Ten years ago on April 15, 2013, two pressure-cooker bombs exploded near the finish line of the Boston Marathon killing three and injuring more than 260 people. The bombings sent the city into a state of fear and uncertainty as police launched a chaotic multi-day manhunt for those responsible. Boston Globe photographer John Tlumacki shot some of the most dramatic images of the bombings, including the iconic photograph of three Boston Police Department officers and 78-year-old runner Bill Iffrig, who was knocked to the ground by the first blast. The image was featured on the front page of newspapers worldwide and came to represent both the terror of that day and the resilience of the city after the tragedy. Here is a look back at the 2013 Boston Marathon and Tlumacki’s photograph from the perspective of some of the people who experienced it.
Tlumacki, who has been a staff photographer at the Boston Globe since 1981, usually covers the Boston Marathon every year. He was in position near the finish line by 10 am on April 15, 2013, a beautiful day without any security concerns at the time. Boston Police Commissioner Ed Davis had been up early to take his family to a VIP viewing area, and he had spoken to security and officers involved with bomb detection at 6 am. Bomb dogs walked the route twice before the crowd gathered. Then, he ran into a couple of officers as he was leaving.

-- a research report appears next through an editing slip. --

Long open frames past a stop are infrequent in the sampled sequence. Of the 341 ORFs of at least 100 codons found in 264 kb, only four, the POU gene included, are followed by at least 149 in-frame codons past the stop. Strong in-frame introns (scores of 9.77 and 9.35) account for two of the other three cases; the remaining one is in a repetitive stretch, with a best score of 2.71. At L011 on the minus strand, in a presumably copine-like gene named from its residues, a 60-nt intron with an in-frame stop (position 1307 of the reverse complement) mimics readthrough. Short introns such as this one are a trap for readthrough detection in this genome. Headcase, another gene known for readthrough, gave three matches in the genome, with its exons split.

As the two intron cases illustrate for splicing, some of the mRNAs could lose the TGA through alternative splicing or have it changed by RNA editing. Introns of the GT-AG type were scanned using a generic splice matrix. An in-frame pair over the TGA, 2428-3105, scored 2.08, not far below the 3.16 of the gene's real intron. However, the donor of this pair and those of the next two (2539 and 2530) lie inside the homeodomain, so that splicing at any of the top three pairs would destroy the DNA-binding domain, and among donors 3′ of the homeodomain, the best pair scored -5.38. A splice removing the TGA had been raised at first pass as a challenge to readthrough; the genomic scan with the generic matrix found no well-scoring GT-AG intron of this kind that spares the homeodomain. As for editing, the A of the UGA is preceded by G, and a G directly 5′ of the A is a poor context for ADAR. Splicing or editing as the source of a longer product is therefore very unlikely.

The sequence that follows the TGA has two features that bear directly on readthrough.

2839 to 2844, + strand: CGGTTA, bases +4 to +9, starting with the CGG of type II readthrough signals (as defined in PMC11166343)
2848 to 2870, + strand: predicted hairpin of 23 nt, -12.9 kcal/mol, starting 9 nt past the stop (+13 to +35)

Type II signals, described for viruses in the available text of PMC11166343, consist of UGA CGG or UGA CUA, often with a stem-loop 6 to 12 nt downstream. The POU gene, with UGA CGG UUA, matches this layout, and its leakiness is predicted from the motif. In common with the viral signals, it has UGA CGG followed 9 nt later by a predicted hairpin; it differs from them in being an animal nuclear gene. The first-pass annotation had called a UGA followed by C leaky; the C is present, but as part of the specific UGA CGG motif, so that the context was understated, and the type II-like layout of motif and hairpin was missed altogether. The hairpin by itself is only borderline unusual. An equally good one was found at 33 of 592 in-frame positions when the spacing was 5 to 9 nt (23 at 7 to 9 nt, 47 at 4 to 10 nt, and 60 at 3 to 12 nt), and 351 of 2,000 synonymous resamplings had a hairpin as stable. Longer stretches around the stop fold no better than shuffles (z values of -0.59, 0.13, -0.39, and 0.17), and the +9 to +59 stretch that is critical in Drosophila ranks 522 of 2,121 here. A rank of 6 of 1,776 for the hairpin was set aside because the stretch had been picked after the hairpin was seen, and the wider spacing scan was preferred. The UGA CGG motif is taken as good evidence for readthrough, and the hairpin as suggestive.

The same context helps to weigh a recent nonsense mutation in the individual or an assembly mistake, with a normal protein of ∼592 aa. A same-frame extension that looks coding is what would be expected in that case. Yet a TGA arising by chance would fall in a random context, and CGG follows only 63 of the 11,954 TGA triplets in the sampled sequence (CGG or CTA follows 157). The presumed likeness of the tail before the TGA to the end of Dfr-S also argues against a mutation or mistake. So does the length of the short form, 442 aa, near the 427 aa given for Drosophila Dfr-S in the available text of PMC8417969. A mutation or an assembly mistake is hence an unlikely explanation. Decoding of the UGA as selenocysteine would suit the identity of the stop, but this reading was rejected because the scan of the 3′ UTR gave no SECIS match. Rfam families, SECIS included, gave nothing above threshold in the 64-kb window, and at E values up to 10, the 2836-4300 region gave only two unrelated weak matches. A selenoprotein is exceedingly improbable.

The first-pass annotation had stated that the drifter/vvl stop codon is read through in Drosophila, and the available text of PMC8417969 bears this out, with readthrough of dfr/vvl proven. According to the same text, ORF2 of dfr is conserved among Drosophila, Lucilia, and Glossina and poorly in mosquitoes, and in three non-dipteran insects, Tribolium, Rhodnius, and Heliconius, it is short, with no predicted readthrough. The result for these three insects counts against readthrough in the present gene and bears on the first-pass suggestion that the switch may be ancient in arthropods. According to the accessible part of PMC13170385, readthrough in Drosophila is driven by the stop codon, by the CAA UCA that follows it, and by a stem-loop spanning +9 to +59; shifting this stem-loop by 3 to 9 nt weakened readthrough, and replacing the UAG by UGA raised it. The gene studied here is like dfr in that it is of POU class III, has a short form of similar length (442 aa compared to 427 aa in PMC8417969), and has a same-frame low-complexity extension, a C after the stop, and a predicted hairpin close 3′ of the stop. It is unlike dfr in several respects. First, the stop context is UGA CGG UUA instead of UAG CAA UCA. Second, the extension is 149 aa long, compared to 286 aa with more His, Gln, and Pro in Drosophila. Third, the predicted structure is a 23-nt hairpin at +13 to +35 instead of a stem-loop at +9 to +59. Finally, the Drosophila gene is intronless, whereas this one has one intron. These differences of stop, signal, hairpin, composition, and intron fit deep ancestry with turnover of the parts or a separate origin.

The Boston Marathon is an international sporting event that becomes a neighborhood and city event after the elite runners finish. Finish-line coordinator Tom Meagher was looking for two runners when one of his security personnel told him there was a camera man where he shouldn’t be. Marathon volunteer Kelly Heffernan had been working at the finish line since 2010 and watched Tlumacki work. She saw him taking the iconic photograph.
Meanwhile, Deval Patrick, Massachusetts governor from 2007 to 2015, was crowning the winners when his youngest daughter called him to report “a big boom” near the finish line. He left for home, expecting to have some alone time in the garden while his family was away. Bill Iffrig had come from Washington state to run the race at age 78. His son, Mark, had been talking to his mother while the race was going on. Then the two bombs went off within seconds of each other, killing three and injuring hundreds.